It’s one thing smearing a colleague or a business rival behind closed doors with unfounded rumors, but it’s another to do it on social media platforms. That’s because the effect will be in the hundred folds which could potentially cause havoc for the one on the receiving end. This is arguably a form of exercising one’s freedom of speech; however, if such actions were to be encouraged, most businesses would have been in tatters before they even began. That’s why the legal ramifications of defamation are essential to online conduct.
In light of this, you could end up on the wrong side of the law for making unfounded accusations online against anyone or a business, although that hasn’t deterred people before given that we see it every day, especially on Twitter. But, mind you, all it takes is a defamation complaint.
Formatting of Sponsorship Posts
This is probably one of the newest legal issues in social media and it comes in the wake of the FTC’s (Federal Trade Commission) crackdown on online influencers. Gone are the days where the majority of people trusted real experts to inform their choices on life-changing decisions. Today, people put excessive and unhealthy levels of trust in online influencers whom they’ve taken a liking to for one reason or the other. That’s to say, influencers have a great degree of sway over the choices made by the everyday ordinary people; particularly in the case of those influencers with millions of followers.
Unfortunately, not all influencers are in the habit of telling the truth about their posts, as many have been found to mislead their followers with sponsored information that could spell disaster to someone. Ergo, it’s only judicious to hold people of influence to certain standards and expect them to point out whenever they make sponsored posts through the use of hashtags or other means. That being said, the FTC has also pointed out that sometimes, hashtags aren’t enough, especially when using words or phrases that could be misinterpreted. Therefore, you should make an effort to avoid such mistakes as an aspiring influencer or an already acclaimed one, lest you find yourself accountable to the FTC.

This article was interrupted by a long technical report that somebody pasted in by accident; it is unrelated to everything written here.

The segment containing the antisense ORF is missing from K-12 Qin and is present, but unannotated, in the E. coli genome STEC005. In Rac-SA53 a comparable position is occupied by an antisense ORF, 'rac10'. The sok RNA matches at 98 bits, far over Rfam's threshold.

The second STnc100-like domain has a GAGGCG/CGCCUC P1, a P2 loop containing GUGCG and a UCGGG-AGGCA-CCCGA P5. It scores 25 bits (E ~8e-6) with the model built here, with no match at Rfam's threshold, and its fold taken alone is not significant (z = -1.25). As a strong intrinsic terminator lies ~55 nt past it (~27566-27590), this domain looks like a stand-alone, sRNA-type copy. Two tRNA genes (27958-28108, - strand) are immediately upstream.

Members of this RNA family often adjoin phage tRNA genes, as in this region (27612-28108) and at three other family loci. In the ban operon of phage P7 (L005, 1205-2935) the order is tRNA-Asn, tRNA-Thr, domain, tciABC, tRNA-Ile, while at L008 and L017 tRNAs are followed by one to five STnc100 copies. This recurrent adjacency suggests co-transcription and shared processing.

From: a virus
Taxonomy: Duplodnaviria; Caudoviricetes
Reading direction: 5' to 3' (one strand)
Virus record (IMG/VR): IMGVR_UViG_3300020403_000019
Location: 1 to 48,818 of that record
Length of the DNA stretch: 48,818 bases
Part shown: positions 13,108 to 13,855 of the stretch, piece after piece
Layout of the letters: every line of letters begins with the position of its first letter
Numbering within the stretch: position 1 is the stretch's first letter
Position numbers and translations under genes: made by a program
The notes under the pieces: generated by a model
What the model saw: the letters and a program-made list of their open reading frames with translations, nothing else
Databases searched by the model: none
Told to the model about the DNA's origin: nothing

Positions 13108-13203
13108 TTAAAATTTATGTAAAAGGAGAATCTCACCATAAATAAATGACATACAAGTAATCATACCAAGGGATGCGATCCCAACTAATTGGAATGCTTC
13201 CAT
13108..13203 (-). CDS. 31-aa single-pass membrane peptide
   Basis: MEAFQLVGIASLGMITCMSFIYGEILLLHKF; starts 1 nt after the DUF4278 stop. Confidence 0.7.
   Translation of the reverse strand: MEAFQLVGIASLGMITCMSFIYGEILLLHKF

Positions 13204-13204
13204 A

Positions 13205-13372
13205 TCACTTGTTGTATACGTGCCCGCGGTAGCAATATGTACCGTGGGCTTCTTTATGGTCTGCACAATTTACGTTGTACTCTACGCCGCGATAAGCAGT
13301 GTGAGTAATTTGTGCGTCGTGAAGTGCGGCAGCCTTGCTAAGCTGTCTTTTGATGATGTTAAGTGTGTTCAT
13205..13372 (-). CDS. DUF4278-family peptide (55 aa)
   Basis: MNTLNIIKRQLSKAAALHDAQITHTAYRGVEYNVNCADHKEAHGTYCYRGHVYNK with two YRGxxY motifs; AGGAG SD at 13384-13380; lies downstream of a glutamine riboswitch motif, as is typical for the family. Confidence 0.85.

Testimonials are an excellent way to build trust between brands and consumers. And, as per the meaning of the term, “testimonial”, it’s supposed to be a third person’s account of their experience using the services provided by a brand. So imagine the surprise when a company is found to have falsified its testimonials. Not only is it unethical, but it’s also misleading and if not quelled at its infancy may lead to dire consequences. So it’s not surprising that brands found to have falsified testimonials are usually ordered to pay anything between $50,000 and $100,000.
Paying attention to terms and conditions on social media platforms
We are all guilty of not paying attention to the terms and conditions whenever signing up on a new platform, but it’s high time that changed, given the drastically changing rules of the use of online platforms. For instance, a platform may stipulate in its terms and conditions that whatever content you may upload on its platform may be subject to a reshare, which is even a readily accessible feature on many social platforms. Therefore, such a platform will not be liable in case you change your mind about a post that’s gone viral due to its sensational nature.
Social media has undoubtedly created many benefits, amongst which are the great strides in daily communication and commerce. That being said, advantages can only be maintained for so long if the integrity and intended purposes of these platforms are still maintained. Hence, the best way to sustain that is to get educated on these legal issues and play by the rules.